“It will be really important that people get clear guidance and instruction to make sure they don’t inadvertently pay a penalty when they are eligible for an exemption,” says Laurel Lucia, director of the Health Care Program at the University of California-Berkeley’s Center for Labor Research and Education.

California’s penalty is modeled on the one originally in the federal Affordable Care Act. Congress eliminated the federal penalty, effective this year.

The Golden State will join Massachusetts, New Jersey, Rhode Island, Vermont and Washington, D.C., in requiring their residents to have health coverage and dinging those without it.

Most types of insurance, including Medi-Cal, Medicare and employer-sponsored coverage, will satisfy California’s coverage requirement. People who purchase insurance for themselves and their families, either through Covered California, the state’s health insurance exchange, or the open market, will have until Jan. 31 to buy a health plan for 2020.

If you aren’t covered and owe a penalty for 2020, it will be due when you file your tax return in 2021. The penalty will amount to $695 for an adult and half that much for dependent children. Some people with higher incomes instead will have to pay 2.5% of their income, which could make their penalty quite a bit heftier.

Penalty payments are expected to raise $317 million in the first year they are collected, according to the state Legislative Analyst’s Office. The money will help pay for new state subsidies intended to make insurance more affordable for some people.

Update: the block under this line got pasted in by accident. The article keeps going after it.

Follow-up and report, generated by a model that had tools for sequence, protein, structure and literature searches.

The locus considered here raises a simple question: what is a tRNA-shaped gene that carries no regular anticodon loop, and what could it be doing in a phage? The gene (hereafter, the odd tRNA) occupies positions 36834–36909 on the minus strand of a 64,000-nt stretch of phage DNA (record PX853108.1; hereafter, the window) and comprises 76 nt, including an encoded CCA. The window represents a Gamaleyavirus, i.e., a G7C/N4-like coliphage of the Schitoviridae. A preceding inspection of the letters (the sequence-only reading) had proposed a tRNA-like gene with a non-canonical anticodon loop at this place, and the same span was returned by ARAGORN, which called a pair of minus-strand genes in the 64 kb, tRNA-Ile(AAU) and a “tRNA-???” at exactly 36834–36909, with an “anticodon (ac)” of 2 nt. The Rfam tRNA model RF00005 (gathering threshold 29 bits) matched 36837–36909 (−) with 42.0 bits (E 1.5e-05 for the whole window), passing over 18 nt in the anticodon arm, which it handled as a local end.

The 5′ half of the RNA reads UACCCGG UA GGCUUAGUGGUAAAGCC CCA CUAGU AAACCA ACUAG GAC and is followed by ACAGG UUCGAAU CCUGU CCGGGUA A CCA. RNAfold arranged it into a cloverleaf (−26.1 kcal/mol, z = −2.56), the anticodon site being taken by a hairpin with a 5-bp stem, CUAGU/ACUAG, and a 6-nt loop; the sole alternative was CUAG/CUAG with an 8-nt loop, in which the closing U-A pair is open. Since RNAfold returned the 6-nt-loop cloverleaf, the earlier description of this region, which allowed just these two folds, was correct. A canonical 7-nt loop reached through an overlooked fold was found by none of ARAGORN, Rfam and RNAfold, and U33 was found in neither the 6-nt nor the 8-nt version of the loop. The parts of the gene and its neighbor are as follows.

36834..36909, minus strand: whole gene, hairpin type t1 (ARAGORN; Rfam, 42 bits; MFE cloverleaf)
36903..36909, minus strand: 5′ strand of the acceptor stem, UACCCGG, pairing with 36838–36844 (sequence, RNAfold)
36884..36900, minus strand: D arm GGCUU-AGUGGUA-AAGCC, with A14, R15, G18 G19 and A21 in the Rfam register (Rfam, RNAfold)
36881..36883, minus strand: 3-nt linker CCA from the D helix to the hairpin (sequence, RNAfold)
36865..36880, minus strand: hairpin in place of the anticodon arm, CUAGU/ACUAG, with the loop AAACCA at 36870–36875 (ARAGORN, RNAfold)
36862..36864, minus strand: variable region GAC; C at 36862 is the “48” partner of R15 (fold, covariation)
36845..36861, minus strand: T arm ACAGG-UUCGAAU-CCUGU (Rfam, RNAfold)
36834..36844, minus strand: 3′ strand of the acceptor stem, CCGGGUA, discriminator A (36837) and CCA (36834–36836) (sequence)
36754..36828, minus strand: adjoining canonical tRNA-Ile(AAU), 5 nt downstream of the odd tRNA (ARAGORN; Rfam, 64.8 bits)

You won’t have to pay the penalty if you are uninsured for three consecutive months or less during the year, or if you are incarcerated or are Native American. Likewise, if you are in the U.S. illegally.

General hardship exemptions also are available if you are facing personal or family difficulties, including homelessness, domestic violence, bankruptcy, eviction or the consequences of a natural disaster.

And you’re off the hook if your household income is below the threshold for filing a tax return. This was the most common exemption from the federal penalty, according to Internal Revenue Service data based on 2016 returns. It might be even more popular under the California law, since the state’s filing threshold is higher than the federal one, Lucia says.

You can also claim an exemption if you would have to spend more than 8.24% of your income on insurance premiums in 2020. This so-called affordability exemption was also among the most common under the federal law.

How you claim an exemption depends on the type you are seeking.

Covered California will handle three types of exemptions: religious conscience, general hardship and affordability. Each will require filling out a different application, and the applications will be available starting in January, says James Scullary, an exchange spokesman.